Managing urban water supply: the case of rainwater harvesting in the Adentan Municipality, Accra, Ghana.

Authors: Ogunleye-Adetona Comfort*, Educational Institution, Prof. Antwi Barima Kwabina, University of Cape Coast
Topics: Applied Geography, Geography and Urban Health, Water Resources and Hydrology
Keywords: water harvesting, portable water, storage facilities, coliform
Session Type: Paper
Day: 4/11/2018
Start / End Time: 8:00 AM / 9:40 AM
Room: Iberville, Marriott, River Tower Elevators, 4th Floor
Presentation File: No File Uploaded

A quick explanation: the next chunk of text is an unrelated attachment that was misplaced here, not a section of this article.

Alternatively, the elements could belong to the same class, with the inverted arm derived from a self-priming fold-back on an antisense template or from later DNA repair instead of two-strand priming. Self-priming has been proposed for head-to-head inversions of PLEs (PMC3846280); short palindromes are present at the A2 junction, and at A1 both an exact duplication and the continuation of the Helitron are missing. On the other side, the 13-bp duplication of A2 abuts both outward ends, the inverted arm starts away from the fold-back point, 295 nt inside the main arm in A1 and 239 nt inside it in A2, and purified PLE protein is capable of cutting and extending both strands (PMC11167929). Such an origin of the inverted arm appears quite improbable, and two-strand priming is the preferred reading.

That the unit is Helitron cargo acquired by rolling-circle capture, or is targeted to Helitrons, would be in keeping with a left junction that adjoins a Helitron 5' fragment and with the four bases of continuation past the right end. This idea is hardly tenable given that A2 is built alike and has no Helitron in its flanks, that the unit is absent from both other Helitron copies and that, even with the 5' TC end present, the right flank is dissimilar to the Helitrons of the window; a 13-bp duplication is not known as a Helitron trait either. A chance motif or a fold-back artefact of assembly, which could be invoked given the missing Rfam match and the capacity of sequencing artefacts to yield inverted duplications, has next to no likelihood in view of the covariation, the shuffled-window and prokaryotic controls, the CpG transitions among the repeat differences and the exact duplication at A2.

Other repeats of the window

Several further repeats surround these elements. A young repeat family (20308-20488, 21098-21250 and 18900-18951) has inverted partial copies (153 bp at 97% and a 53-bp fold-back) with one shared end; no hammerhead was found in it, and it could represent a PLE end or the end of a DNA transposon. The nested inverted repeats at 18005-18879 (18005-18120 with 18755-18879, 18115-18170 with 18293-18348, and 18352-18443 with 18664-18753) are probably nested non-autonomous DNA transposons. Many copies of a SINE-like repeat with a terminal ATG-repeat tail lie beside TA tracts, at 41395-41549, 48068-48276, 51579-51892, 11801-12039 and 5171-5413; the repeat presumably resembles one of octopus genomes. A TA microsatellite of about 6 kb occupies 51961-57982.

Potable water is critical for improved health and for the various socio-economic activities however, many urban communities in Ghana faces the challenge of water shortage that needs quick mitigation strategies to address the issue (Opare, 2011). Since the primary source of all water resources is derived from rainfall, the study attempted to assess rainwater harvesting as a means of mitigating against the perennial water shortages in the Adentan Municipality. The mixed method approach was used to randomly select 196 respondents. Questionnaire were then administered on them to obtain information for the study. Additional information were obtained from the Ministry of Water Resources Works and Housing and other related agencies. Findings from the study indicated that the Adentan community were being supplied with portable water, it was however inadequate. Majority of the respondents agreed that rainwater harvesting served as an alternative and cheaper source of water. Majority of the households used storage facilities that ranged between 500 and 1000 litres, too small to accommodate all potential rainwater. Samples of Water tested revealed some level of coliform, a contaminant. The binary logistic model result indicated that younger household heads adopted rainwater harvesting technology than older household heads. It is recommended that households should be encouraged to increase their storage facilities. Roofs and storage devices should be kept clean regularly by households in order to reduce the presence of coliform in harvested water. The younger household heads should be targeted by policy in promoting and adoption the RWHT in the area

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